|Reduced Machine Description firstname.lastname@example.org (1989-02-22)|
|Re: Reduced Machine Description email@example.com (1989-03-15)|
|Re: Reduced Machine Description firstname.lastname@example.org (1989-03-02)|
|Re: Reduced Machine Description email@example.com (1989-02-27)|
|From:||firstname.lastname@example.org (Joseph H Allen)|
|Organization:||Worcester Polytechnic Institute, Worcester, MA. USA|
|Keywords:||Portable compilers, Back ends|
In article <email@example.com> firstname.lastname@example.org (Martin Schoenert) writes:
> My idea is a reduced machine description. It consists of the
>following functions, which emit corresponding instructions for say a MC68000:
>load( size, dest, src, offset )
> Load a word, signed halfword, unsigned halfword, signed byte or
> unsigned byte from the address pointed to by the <src> register plus
> the signed <offset> into the <dest> register.
>store( size, src, dest, off )
> Store a word, halfword or byte from the <src> register at the address
> pointed to by the <dest> register plus the signed <offset>.
>add( dest, src1, src2, imm )
> If <imm> == 0 then add the contents of register <src1> and <src2> and
> put the result into register <dest>. If <imm> == 1 then add the
> immediate value <src2> to the register <src1> and put the result into
> register <dest>.
I think a more general pseudo-machine is a top-of-stack machine. This way,
no assumptions are made about what types of registers exist. You mentioned
that the number of registers would have to be specified. For machines like
the 68000 which have separate address and data registers, simply the number of
registers is not enough. Other problems are limited branch ranges, limited
offset sizes, word alignment problems, etc. Accessing the stack also has to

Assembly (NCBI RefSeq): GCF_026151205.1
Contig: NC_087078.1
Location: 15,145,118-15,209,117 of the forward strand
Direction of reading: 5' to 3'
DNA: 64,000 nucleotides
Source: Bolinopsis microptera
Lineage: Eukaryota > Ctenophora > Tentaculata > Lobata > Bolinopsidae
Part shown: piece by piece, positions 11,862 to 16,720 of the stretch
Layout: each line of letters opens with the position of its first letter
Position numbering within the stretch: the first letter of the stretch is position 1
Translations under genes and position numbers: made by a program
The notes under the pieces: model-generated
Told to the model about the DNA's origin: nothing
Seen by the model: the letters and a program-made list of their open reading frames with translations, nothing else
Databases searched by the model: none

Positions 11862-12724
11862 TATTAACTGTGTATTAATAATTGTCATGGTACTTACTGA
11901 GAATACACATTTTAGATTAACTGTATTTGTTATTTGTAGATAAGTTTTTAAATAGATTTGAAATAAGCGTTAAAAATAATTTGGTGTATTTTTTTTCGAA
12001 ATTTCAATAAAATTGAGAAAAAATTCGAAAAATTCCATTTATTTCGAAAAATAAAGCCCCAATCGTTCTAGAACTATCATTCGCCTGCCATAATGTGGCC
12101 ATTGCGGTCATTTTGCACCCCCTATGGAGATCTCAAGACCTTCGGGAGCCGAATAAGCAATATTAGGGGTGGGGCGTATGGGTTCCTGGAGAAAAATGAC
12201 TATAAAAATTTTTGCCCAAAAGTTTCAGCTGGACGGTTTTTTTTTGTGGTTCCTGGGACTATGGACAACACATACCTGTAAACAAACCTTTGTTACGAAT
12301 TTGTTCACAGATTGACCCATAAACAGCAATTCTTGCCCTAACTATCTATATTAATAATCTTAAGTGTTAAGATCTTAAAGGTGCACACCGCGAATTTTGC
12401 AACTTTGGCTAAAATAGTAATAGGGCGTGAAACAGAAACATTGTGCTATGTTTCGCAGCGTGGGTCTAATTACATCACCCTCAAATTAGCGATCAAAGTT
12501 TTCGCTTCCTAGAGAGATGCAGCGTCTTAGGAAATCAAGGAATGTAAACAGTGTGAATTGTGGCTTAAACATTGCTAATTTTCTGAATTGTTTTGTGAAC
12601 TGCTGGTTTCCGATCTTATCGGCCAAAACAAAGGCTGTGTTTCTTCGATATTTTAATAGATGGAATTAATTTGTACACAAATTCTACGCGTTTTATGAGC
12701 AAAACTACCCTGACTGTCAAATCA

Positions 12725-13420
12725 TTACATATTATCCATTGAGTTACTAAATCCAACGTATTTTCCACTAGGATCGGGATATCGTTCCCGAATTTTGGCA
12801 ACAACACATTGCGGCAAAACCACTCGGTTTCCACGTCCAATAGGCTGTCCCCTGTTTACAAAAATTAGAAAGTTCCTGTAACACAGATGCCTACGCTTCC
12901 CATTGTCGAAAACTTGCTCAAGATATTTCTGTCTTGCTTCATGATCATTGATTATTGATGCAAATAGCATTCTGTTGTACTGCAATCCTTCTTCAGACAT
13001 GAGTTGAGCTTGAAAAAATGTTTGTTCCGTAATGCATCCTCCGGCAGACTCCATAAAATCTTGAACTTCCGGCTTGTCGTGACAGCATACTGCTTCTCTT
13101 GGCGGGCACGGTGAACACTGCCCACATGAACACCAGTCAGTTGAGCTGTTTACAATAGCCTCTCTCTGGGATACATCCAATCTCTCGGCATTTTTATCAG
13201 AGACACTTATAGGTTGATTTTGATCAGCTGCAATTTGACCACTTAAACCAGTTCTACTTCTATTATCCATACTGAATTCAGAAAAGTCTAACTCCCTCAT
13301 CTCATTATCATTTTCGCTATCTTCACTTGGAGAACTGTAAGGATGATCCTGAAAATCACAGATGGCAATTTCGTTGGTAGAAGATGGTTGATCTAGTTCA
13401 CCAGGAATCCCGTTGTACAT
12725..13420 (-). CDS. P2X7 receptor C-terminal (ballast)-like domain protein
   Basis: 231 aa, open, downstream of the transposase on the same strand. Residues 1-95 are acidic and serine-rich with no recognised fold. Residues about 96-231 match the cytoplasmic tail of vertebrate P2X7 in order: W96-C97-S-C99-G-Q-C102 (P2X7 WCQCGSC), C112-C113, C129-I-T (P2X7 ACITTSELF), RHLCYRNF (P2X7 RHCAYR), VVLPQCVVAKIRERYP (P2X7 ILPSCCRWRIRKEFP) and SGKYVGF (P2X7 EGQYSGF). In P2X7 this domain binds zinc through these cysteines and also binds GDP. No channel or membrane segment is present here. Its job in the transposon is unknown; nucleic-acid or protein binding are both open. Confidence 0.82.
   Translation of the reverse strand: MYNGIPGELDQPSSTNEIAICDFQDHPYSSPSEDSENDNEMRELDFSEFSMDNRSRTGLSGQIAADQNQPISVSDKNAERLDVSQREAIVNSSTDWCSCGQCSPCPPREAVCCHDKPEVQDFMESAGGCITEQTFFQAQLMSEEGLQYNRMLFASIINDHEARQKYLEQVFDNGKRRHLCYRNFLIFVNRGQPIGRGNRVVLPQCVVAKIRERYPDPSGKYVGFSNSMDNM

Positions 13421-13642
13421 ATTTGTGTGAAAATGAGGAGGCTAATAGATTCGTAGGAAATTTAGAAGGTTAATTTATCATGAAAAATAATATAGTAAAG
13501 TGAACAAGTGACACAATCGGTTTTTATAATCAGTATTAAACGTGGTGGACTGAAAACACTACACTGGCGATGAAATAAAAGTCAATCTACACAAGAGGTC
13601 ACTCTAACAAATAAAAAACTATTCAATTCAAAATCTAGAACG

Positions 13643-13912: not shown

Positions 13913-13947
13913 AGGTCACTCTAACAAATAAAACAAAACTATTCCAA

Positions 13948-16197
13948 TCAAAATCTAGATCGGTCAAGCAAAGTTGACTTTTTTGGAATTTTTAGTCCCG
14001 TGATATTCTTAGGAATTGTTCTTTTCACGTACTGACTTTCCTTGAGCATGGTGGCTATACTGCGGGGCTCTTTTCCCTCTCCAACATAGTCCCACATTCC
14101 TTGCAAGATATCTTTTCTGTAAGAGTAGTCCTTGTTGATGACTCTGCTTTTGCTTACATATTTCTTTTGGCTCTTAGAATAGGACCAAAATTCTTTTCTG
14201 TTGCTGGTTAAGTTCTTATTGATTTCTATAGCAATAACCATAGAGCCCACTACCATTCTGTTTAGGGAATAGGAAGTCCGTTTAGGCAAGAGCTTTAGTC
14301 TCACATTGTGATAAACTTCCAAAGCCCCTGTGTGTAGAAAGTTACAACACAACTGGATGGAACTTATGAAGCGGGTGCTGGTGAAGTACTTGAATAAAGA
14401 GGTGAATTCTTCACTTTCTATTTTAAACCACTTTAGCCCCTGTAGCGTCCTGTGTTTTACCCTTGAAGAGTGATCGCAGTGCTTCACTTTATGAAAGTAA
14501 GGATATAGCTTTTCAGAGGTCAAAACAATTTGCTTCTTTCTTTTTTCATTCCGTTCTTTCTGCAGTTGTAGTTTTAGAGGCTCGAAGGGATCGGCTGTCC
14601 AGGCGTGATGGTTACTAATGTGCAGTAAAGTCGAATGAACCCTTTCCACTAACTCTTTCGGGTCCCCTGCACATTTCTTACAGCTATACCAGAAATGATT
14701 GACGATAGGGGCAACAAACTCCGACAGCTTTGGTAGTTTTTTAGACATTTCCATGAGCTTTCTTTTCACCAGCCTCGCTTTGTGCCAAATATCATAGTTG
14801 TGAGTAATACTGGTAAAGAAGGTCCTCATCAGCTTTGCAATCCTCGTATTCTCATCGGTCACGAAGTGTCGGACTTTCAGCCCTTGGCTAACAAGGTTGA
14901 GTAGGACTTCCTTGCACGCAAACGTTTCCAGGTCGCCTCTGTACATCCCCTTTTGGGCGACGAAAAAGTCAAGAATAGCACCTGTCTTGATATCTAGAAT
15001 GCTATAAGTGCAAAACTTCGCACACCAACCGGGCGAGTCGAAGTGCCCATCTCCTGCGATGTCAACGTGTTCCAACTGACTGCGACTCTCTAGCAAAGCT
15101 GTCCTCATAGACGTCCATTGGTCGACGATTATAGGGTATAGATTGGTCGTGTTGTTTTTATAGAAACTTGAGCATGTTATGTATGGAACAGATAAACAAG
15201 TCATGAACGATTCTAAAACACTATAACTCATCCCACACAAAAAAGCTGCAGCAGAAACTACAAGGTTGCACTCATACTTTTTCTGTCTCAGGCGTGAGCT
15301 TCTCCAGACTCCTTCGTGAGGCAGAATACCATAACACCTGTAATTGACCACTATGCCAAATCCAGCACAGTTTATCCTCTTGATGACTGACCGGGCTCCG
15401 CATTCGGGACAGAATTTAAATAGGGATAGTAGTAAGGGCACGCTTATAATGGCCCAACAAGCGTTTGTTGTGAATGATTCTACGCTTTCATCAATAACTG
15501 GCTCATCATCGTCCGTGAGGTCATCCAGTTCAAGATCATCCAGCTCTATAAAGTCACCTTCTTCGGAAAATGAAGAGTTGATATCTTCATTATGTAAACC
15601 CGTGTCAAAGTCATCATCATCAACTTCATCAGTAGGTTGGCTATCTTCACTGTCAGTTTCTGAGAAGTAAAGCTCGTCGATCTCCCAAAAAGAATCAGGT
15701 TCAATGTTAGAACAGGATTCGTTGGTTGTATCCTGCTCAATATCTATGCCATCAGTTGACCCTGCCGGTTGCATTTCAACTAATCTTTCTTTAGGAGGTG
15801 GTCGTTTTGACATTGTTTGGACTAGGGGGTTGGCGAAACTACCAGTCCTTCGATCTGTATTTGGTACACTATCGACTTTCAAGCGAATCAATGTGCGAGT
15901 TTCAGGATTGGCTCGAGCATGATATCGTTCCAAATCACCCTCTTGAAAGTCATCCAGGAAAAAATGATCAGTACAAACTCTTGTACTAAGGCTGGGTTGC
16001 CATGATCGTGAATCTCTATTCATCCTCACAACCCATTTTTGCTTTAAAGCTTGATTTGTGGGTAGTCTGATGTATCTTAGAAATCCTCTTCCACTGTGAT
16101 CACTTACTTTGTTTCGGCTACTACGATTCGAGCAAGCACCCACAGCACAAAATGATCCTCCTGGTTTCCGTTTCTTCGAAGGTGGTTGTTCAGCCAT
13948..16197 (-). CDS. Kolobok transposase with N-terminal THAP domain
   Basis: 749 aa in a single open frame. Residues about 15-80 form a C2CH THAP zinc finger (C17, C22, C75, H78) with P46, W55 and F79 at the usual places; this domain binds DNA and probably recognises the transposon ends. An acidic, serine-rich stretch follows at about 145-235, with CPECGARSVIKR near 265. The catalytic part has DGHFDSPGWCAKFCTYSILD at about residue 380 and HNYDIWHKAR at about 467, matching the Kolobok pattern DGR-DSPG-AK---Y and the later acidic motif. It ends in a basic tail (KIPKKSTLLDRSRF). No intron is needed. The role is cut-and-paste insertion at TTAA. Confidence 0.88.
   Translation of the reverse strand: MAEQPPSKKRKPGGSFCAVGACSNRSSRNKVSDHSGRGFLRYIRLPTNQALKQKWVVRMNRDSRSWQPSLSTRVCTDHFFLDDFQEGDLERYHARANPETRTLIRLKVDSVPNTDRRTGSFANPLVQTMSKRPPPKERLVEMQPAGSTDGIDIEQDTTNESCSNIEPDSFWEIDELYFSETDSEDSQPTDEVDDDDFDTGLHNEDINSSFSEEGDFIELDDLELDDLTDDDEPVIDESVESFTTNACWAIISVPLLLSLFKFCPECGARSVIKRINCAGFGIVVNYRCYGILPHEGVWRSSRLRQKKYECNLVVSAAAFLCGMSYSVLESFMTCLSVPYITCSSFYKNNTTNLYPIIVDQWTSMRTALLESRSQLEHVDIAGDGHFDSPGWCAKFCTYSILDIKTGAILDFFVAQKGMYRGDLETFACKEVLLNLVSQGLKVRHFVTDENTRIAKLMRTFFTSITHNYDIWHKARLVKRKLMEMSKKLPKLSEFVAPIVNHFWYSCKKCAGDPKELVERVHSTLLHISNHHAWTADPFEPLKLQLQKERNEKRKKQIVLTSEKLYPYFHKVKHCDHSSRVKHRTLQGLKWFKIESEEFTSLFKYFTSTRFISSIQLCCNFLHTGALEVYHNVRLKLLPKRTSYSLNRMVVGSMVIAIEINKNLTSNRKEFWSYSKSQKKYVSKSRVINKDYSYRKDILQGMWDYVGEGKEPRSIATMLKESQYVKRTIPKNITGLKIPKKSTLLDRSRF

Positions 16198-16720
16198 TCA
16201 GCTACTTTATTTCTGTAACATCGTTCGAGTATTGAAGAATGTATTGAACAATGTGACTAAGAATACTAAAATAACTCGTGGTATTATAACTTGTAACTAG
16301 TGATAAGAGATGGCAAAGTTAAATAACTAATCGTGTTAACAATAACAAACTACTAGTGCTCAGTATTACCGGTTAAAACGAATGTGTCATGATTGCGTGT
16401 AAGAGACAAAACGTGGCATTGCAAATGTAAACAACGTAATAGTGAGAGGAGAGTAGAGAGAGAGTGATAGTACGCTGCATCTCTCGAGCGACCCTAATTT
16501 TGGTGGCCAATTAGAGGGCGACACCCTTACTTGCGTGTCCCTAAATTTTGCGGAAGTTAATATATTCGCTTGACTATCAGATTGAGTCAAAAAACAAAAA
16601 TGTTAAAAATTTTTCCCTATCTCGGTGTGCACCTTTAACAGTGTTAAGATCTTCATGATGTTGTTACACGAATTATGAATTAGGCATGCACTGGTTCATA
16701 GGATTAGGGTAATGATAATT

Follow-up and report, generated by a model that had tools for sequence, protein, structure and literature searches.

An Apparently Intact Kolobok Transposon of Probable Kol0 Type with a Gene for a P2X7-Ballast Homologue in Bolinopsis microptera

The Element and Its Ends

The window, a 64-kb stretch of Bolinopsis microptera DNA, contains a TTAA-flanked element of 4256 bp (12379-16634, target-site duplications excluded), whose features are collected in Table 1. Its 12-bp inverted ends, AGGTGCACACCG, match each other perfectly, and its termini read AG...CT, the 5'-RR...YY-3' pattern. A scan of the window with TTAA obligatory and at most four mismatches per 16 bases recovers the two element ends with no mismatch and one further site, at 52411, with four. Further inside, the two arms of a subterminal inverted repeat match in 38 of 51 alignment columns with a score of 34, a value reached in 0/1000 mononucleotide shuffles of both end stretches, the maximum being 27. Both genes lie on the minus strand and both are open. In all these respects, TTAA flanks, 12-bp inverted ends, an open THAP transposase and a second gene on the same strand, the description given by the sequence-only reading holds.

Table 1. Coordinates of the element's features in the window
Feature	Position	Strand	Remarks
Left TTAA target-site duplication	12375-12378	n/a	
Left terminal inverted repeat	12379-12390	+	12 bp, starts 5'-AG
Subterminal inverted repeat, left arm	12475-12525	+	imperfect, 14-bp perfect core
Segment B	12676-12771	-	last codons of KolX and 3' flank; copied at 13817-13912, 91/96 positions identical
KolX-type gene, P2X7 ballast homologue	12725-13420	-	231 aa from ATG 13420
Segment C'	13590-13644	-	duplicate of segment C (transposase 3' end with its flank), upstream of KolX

be considered carefully. It can't be a simple byte offset since the elements
on the stack might have to be word aligned. The most general way would be to
specify the nth element on the stack and have the code generator keep track of
what types of elements are already on the stack. Also, when operand address
are specified, the full path (all indirections and offsets) should be
specified to give the code generator all the information possible so that
optimizers have a lot to work with.
Of course, this gives the code generator a lot of work to do. Making one for
each machine would be a difficult task. Although, for similer machines, the
code generators would probably be similer enough to simply be reconfigured.
I'm interested in target execution speed, compiler speed and portability.
Portability is satisfied by using the pseudo-machine above (except that it
takes a lot of work to port to a new machine). Compiler speed is at least
satisfied by transferring between the source language and the pseudo-machine
language. I'm not sure how fast a translator from the pseudo-machine to an
actual machine language would be. Target execution speed is satisfied in that
an optimizer has all possible information from the source program.
Another advantage of the above approach is that the pseudo-machine is portable
in the other direction. That is, you only need one pseudo-machine translator
for each target machine for all source languages (well almost all: fortran,
cobal, c, pascal, modula, ada would all be compatible. Lisp and prolog
[From email@example.com (Joseph H Allen)]
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